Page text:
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CMOS Process Variations: A "Critical Operation Point" hypothesis
Professor Janak H. Patel, Electrical and Computer Engineering, University of Illinois at Urbana-Champaign
date:4:00PM   US Central (GMT −0500)
Thursday, November 17, 2011
location:Duncan Hall Rice University
sponsor:ECE Distinguished Lecture Series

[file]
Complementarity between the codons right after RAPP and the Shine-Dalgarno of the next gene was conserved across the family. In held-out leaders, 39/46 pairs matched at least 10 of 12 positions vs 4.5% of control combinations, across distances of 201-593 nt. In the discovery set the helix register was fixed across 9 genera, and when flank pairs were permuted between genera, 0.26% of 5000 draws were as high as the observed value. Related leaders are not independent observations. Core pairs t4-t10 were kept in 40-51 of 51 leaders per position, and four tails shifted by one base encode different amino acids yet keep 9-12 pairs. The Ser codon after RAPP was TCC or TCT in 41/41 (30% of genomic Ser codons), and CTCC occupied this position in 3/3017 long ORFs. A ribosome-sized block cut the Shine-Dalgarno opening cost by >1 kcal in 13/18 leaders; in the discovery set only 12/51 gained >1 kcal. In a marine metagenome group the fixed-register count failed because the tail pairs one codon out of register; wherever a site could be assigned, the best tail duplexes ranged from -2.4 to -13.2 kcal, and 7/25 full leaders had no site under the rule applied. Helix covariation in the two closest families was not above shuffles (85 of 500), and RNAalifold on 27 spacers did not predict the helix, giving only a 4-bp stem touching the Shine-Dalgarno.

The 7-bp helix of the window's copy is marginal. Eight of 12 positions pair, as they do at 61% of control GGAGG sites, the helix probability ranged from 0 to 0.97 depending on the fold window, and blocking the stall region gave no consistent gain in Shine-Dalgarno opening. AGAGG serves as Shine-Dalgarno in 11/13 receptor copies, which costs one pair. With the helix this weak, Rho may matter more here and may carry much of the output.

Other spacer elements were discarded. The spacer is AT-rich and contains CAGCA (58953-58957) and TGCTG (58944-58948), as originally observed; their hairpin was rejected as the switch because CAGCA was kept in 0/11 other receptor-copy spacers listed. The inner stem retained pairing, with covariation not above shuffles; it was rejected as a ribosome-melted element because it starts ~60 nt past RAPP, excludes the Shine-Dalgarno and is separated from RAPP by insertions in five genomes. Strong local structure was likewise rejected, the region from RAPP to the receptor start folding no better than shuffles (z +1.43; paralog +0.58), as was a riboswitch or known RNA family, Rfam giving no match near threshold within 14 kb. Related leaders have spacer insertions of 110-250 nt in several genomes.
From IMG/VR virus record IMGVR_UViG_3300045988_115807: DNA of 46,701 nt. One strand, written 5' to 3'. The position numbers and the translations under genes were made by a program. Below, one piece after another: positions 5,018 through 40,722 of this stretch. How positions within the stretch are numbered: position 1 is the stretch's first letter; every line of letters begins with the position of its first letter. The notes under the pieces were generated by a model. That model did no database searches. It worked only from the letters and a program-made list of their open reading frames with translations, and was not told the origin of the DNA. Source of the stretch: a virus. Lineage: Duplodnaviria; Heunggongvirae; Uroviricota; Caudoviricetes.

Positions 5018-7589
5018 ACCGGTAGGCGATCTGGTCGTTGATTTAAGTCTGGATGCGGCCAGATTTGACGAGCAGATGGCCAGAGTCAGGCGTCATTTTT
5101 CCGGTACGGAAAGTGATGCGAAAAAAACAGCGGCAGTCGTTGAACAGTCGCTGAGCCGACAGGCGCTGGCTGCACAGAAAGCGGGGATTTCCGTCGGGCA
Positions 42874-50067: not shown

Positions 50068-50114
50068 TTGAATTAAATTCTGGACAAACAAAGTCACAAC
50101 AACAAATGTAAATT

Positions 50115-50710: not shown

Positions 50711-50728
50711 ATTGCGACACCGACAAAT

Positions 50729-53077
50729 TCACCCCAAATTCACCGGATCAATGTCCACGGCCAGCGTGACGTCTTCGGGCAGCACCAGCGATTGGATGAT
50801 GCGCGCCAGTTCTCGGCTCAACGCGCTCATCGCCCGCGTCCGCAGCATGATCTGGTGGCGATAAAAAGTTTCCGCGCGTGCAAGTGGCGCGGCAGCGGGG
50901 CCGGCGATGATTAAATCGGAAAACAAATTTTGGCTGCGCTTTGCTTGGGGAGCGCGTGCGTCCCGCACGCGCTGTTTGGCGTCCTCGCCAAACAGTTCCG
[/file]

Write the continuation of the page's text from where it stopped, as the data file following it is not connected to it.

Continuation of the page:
A brief overview of present and future CMOS process variations will be presented. Prevailing understanding of a chip’s behavior under large process variations with statistical delay assumptions leads one to conclude that a small number of errors are likely as we progress further down on Moore’s Law. This understanding is challenged by a new hypothesis on the behavior of very large CMOS chips in the presence of process variations. A Thought Experiment is presented which leads to the new hypothesis. The new hypothesis states that in every large CMOS chip, there exist critical operations points (frequency, voltage, temperature) such that it divides the 3-D space (F, V, T) in to two distinct spaces: 1. Error-free operation and 2. Massive errors (i.e. completely inoperable). Two attempts at disproving this hypothesis with real physical experiments will be described. Some consequences of the hypothesis on power savings in large data centers are also suggested.

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